6. Compartmental Localization: placement of a radiotracer in a fluid space and imaging of that fluid space. Example: Tc-99m HSA for MUGA's, In-111 DTPA for cisternograms, Xe-133 gas for pulmonary ventilation. Compartmental localization is defined as the placement of a radiopharmaceutical in a fluid space and maintaining it there long enough to image that fluid space. Since a fluid is defined as a liquid or a gas, the airways of the lungs qualify as a fluid space. The use of Xe-133 gas, Xe-127 gas, or Kr-81m gas as a ventilation agent is therefore a good example of this mechanism. Immediate distribution is to the lungs; since Xe-133 is lipophilic and can cross cell membranes, the gas passively diffuses into pulmonary capillaries and the activity is circulated through the blood stream, permitting cerebral blood flow studies. The tbiol of all these gases in the lungs is <0.5 min in most patients. Ultimately the activity is cleared from the body through the lungs.
Another example of compartmental localization is blood pool imaging using autologous Tc-99m labeled red cells or Tc-99m Human Serum Albumin within the blood pool. The immediate distribution is within the blood pool; ultimately the Tc-99m dissociates from these compounds and is cleared through the kidneys. The tbiol of Tc-99m HSA in the blood pool is approximately 1-2 hr; for Tc-99m RBC's, The tbiol is approximately 20 hr.
One can perform a cisternogram following injection of In-111 DTPA directly into the cerebrospinal fluid (CSF). This use of compartmental localization involves early and delayed views, permitting tracing of the kinetics of CSF. Immediate distribution is entirely within CSF; ultimately the activity bathes the brain and brain stem and indicates the presence of CSF leakage into the nasopharynx. The tbiol of In-DTPA is approximately 20 hr; radioactivity is eventually cleared through the kidneys.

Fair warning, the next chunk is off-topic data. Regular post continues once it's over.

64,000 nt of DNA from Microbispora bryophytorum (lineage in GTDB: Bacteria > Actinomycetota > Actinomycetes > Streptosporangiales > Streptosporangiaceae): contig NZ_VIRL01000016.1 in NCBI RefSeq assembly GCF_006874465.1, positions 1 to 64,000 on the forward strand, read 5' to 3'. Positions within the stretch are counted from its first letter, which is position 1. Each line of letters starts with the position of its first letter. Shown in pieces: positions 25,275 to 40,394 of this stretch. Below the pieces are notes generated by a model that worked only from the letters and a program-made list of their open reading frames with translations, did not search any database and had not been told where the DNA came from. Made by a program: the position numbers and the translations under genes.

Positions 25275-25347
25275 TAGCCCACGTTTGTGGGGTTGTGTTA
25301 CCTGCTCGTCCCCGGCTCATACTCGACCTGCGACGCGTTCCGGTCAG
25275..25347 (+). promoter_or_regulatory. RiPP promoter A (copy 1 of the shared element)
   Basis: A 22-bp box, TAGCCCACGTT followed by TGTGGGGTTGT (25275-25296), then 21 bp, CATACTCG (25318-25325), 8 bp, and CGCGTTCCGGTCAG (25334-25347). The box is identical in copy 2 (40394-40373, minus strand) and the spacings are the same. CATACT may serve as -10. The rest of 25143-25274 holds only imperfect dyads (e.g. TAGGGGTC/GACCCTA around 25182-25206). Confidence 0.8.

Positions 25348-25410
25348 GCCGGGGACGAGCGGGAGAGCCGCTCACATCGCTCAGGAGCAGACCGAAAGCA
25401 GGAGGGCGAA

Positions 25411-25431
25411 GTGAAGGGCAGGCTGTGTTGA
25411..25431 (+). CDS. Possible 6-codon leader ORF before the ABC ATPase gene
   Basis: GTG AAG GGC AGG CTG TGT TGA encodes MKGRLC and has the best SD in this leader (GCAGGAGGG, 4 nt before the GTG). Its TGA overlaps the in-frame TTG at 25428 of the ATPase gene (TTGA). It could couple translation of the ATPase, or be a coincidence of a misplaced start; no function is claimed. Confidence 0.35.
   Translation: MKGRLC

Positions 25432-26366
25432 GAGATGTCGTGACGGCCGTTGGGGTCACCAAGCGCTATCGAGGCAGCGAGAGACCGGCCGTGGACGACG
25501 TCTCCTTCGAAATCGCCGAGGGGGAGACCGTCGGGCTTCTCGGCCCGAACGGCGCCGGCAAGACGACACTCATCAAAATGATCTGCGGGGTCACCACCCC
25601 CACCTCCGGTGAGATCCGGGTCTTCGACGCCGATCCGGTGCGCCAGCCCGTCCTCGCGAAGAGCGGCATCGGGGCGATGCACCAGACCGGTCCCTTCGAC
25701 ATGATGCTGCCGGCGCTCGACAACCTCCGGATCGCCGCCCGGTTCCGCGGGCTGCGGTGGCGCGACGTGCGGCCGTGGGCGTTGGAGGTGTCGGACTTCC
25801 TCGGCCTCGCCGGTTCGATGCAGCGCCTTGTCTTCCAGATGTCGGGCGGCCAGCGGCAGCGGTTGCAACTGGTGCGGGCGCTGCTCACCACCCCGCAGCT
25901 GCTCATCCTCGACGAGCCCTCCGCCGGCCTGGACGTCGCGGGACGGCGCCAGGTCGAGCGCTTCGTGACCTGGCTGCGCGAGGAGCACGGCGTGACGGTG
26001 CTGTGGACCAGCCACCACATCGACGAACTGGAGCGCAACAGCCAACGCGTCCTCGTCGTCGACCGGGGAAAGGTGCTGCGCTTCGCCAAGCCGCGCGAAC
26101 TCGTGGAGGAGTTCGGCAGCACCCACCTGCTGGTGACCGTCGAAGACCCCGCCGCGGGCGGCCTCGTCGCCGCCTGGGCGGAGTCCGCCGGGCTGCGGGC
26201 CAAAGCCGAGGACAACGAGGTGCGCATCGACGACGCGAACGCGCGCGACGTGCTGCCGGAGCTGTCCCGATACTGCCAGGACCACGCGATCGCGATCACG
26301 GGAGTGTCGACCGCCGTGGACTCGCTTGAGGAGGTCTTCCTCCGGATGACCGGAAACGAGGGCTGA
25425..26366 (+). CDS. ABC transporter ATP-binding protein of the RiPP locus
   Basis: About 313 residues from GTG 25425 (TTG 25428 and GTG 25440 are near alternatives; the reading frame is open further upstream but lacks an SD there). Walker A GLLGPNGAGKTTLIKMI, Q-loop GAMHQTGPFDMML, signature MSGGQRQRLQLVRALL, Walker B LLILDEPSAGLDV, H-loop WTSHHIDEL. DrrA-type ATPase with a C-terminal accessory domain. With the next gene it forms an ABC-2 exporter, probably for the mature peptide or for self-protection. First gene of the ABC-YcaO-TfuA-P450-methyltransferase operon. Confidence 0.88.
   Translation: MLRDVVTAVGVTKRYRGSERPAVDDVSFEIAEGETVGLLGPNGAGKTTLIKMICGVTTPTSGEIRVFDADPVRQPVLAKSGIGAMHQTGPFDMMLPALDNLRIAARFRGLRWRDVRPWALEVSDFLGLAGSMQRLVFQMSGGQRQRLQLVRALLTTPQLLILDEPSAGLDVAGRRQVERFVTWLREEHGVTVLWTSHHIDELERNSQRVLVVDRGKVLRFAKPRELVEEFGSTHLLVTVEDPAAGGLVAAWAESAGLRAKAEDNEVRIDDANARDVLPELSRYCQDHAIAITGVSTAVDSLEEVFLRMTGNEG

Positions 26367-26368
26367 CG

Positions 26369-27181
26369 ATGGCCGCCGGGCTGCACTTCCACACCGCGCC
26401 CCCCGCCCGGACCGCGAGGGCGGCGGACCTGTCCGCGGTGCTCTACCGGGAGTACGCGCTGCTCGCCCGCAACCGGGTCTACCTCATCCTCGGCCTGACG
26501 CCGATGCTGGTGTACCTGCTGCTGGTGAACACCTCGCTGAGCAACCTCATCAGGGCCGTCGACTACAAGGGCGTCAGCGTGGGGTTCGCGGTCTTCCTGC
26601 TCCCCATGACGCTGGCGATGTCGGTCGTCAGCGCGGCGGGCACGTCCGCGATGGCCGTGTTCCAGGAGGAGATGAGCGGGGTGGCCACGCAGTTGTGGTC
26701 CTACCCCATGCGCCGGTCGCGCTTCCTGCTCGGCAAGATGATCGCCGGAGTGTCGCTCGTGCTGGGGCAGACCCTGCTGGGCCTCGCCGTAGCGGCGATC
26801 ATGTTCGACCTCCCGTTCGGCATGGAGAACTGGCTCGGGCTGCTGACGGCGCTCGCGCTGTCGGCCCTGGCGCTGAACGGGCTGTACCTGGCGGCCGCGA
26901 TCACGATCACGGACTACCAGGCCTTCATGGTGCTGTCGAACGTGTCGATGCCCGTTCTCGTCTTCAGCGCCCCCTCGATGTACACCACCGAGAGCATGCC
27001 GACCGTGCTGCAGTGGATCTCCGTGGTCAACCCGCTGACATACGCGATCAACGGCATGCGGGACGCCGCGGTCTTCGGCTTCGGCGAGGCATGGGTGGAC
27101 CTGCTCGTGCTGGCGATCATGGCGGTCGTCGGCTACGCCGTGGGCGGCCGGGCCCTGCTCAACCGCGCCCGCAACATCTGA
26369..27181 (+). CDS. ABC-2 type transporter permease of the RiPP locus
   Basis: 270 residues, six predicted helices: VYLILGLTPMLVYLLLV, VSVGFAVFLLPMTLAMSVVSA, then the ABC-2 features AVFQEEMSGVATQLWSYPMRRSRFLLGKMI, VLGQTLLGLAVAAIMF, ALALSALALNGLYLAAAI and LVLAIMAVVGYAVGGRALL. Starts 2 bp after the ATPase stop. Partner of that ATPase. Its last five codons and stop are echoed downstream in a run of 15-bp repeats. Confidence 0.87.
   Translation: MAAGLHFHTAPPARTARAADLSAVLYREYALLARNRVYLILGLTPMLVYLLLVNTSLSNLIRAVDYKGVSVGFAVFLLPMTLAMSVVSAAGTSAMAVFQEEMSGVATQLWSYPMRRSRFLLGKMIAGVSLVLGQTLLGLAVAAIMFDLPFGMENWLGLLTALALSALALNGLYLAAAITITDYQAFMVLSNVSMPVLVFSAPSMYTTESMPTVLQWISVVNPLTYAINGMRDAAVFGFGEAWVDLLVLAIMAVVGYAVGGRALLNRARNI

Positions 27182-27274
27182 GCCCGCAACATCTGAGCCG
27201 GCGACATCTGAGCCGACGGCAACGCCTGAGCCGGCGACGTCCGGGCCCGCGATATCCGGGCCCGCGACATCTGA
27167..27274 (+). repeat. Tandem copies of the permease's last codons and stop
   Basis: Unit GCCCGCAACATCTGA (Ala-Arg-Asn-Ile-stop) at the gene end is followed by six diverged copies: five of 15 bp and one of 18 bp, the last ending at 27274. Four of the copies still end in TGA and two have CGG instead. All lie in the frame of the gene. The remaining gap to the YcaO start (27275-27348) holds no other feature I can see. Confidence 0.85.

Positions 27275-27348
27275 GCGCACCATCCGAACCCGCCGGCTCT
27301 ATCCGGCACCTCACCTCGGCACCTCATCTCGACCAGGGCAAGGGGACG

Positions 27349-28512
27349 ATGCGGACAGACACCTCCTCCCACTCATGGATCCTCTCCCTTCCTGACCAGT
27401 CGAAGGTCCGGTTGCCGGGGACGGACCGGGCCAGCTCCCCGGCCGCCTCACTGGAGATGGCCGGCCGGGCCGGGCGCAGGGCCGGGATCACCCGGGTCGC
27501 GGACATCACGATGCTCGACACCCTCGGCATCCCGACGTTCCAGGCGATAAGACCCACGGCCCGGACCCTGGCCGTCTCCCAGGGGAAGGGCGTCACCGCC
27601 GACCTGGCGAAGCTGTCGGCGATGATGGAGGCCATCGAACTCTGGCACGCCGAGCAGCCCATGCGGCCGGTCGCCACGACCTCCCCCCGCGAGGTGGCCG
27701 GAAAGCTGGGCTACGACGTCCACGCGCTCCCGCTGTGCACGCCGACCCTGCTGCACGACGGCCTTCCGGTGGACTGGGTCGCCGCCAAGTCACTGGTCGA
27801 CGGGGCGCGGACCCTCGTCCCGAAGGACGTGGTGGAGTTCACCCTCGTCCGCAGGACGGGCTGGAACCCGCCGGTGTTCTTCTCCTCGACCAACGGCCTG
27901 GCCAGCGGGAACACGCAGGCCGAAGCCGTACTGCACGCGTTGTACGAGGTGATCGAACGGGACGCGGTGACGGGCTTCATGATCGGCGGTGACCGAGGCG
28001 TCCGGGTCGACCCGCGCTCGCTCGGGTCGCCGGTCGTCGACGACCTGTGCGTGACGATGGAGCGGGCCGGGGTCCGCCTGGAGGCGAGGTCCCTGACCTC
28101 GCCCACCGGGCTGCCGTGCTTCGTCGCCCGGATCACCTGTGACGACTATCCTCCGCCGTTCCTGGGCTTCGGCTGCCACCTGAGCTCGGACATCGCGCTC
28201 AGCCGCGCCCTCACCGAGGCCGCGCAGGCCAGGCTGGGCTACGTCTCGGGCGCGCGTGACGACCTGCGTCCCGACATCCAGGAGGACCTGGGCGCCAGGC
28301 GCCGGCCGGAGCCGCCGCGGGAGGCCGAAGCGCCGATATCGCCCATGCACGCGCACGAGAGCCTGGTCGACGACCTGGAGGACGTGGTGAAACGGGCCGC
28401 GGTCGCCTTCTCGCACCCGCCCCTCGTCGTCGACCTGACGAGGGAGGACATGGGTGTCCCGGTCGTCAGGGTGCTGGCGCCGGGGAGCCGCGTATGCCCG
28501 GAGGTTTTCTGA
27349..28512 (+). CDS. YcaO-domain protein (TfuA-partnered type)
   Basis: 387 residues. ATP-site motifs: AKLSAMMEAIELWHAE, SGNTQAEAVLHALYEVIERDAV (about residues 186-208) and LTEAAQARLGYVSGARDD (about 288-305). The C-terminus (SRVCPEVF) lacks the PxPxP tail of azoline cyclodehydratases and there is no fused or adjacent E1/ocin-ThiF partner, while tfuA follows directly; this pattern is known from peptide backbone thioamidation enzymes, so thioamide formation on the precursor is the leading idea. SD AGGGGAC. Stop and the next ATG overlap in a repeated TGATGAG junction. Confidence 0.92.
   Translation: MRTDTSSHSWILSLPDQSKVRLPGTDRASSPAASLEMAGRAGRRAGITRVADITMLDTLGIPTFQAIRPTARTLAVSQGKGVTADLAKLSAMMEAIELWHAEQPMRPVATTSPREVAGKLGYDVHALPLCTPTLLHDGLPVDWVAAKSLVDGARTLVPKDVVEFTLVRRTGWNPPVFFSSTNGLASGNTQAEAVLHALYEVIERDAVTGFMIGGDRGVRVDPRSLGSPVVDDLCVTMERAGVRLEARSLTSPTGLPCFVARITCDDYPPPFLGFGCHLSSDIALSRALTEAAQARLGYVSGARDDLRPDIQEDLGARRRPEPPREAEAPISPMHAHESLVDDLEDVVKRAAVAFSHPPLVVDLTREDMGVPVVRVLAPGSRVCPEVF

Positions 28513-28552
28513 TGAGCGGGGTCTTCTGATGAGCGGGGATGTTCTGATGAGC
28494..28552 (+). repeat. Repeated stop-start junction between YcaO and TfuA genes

Even an "artificial" localization such as the infusion of a dilute solution of Tc-99m pertechnetate or a suspension of Tc-99m sulfur colloid into the urinary bladder in a voiding cystogram qualifies as compartmental localization. The immediate localization is in the bladder; the activity is rapidly emptied via catheter with a tbiol measured in minutes. This study provides significant clinical information while conferring a minimal radiation dose to the patient due to the short retention time of the radiopharmaceutical in the bladder.
7. Chemisorption: surface binding of radiopharmaceutical to a solid structure, e.g., In- 111 platelets bound to surface of an active thrombus.Another important mechanism is known as physicochemical adsorption or chemisorption. The phosphate or phosphonate groups on currently used bone agents bind instantaneously, avidly, and essentially irreversibly to the hydroxyapatite structure of bone tissue. In addition, by the same mechanism, they localize in lesions metastatic to bone. Tc-99m MDP, Tc-99m HDP, and Tc-99m PYP all bind to bone tissue by this mechanism. Typically, 40-50% of the injected dose localizes in bone; the remainder is excreted through the kidneys. Since bone uptake is relatively slow, especially in adults, it is common practice to begin imaging 3 hr post injection.